Were you arrested for picking up a "bait purse" in a Las Vegas casino? If so, you have probably been charged with grand larceny, a felony, and you face serious criminal penalties if you are convicted. Read about bait purse cases below, including how a criminal defense attorney can help a person charged with this offense.
The Las Vegas Metropolitan Police Department has several "sting operation" programs in place to deter crime on the Las Vegas Strip, Downtown, and throughout the Vegas Valley. One of these programs is Metro's "bait purse" program, in which undercover police plant a purse, filled with various property and money, somewhere in a casino, and wait to see if someone comes along to pick the purse up and steal it. Thus, the purse is used as "bait" to hook certain casino guests.
The purses are placed in locations that make them appear to have been left by casino patrons who were sitting at a slot machine and then left, forgetting their purse on an adjacent seat or on the side of a machine after they were done playing. Metro does not arrest people immediately when they pick up the purse. Instead, using video surveillance, police wait until the person walks past casino security and appears to be headed out of the casino.
A person who is arrested for picking up a bait purse will be charged with grand larceny pursuant to NRS 205.220. A person commits larceny when he intentionally steals or takes and carries away the personal property of another person. Larceny is only a misdemeanor if the value of the property is under $650. This is known as "petty larceny." However, if the value of the property allegedly stolen is over $650, the offense becomes "grand larceny," which is a category C felony, punishable by 1 to 5 years in Nevada prison and a $10,000 fine.
Pursuant to NRS 205.275(6), the value of the property, for determining whether a theft offense is a misdemeanor or a felony, is "the highest value attributable to the property by any reasonable standard." The Nevada Supreme Court has determined that this has to be the "fair market value" of the property. However, in a bait purse case, this is usually not an issue, since Metro controls the value of the property and selects the "bait" to maximize the potential criminal penalties.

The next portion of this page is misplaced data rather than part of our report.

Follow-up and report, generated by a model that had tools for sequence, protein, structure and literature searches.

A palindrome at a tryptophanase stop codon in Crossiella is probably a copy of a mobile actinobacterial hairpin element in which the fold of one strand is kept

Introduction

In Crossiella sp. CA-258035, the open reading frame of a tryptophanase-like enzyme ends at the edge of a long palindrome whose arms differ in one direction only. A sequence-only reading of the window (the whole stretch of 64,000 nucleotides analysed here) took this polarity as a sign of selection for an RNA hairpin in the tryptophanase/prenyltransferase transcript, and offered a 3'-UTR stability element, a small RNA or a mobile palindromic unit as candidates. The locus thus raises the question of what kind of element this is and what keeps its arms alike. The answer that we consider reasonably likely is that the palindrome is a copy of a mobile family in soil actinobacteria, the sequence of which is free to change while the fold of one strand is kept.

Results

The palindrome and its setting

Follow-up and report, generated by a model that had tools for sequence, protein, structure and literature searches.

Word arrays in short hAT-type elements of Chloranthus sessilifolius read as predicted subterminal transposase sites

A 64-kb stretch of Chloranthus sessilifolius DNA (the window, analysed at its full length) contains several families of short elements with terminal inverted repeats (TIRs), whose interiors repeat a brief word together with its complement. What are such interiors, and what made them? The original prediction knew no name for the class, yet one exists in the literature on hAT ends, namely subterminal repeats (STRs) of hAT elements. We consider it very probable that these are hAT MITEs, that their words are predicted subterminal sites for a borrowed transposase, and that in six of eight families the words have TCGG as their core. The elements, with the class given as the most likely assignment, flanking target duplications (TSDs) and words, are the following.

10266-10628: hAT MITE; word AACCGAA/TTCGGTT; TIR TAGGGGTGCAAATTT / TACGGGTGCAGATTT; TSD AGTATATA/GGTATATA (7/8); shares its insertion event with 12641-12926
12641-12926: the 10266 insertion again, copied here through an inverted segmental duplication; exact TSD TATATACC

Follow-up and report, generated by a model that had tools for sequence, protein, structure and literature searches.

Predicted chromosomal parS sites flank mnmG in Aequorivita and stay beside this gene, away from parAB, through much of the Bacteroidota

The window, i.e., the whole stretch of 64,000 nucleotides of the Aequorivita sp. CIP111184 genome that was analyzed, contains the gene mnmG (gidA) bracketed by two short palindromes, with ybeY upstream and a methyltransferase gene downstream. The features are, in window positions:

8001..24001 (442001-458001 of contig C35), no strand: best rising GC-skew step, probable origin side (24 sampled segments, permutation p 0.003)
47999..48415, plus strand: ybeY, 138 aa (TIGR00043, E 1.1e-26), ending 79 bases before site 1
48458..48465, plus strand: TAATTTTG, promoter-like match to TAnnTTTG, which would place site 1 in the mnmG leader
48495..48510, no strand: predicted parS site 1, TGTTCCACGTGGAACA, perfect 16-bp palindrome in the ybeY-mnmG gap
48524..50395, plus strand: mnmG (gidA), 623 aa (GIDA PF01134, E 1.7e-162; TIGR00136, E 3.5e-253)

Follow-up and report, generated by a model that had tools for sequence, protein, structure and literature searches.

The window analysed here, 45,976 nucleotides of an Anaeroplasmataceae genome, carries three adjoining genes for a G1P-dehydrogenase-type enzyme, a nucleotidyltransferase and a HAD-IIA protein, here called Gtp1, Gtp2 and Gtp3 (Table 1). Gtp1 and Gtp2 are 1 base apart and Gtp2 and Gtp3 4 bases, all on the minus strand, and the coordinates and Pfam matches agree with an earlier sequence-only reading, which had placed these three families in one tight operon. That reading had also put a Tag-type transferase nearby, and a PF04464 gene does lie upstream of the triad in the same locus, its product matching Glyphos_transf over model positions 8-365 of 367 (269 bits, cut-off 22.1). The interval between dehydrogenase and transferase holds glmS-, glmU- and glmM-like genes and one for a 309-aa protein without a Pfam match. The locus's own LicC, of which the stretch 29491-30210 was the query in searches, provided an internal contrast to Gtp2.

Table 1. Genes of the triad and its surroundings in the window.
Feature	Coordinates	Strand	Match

Ordinarily, when setting up a bait purse sting, police will intentionally place property in the purse to ensure that the crime is a felony offense. In other words, police might place a cellular phone and cash in the purse, which, when added to the value of the purse itself, will be more than $650, allowing the District Attorney to charge a grand larceny rather than a petty larceny.
If you have been charged with any crime after picking up a bait purse in Las Vegas, you need to talk to a criminal defense attorney right away. Defenses vary based on the specific facts of your case, but please read the following general comments about defending these types of charges.
The goal of the bait purse sting program is to catch casino patrons who, police believe, are actually thieves looking to victimize people. In reality, though, this program may ensnare people who have no criminal record, or who may have actually intended to return the property to its rightful owner. As outlined above, police will not arrest a person who picks up a purse right away. Instead, they wait until the person supposedly passes all security checkpoints and is on the way out of the casino. In arresting people for these charges, Metro often takes a too narrow view of how an innocent person might react upon finding a mislaid purse. For instance, a person who picks up a purse in a casino might not be aware of security around them due to the chaotic nature of a Vegas casino floor, or they may try to return the purse to its owner by looking at the identification inside and contacting the person later. In short, perfectly innocent people might not act in precisely the way Metro expects they should when they happen upon someone else's mislaid property.
Even if a person who picks up a bait purse in a casino actually does intend to steal the item, it may be possible to assert a defense of entrapment. Entrapment is a full legal defense to a crime. The theory of an entrapment defense is based on the idea that police shouldn't create crime or criminals. If police induced a person to commit a crime, then the person is not guilty under entrapment theory. However, there are a few things to keep in mind about an entrapment defense. First, it's an "affirmative defense" which must be asserted at trial and established by the defendant. Second, if someone asserts the defense of entrapment, the prosecution is allowed to put on evidence of criminal "propensity," meaning that the defendant was predisposed to committing crime. Ordinarily, this type of evidence would be banned from a trial, but asserting an entrapment defense opens up the door to this evidence. Of course, if a defendant doesn't have a criminal record, this is not an issue.
Remember, to convict you of any crime, the prosecutor has to prove that you are guilty beyond all reasonable doubt. This is a high standard of proof. But even if the prosecutor can prove the case against you, this does not necessarily mean that you will be convicted of this offense. Most cases, even those that the prosecutor can prove, end through negotiations rather than going to trial. A criminal defense attorney will in many instances be able to negotiate a plea deal that allows you to avoid the worse penalties, including jail or prison time.
I have defended many people ensnared in bait purse theft cases in Las Vegas. If you were arrested for these charges or any other criminal charges, call me now to talk about your case. Consultations are always free.
By Michael Pandullo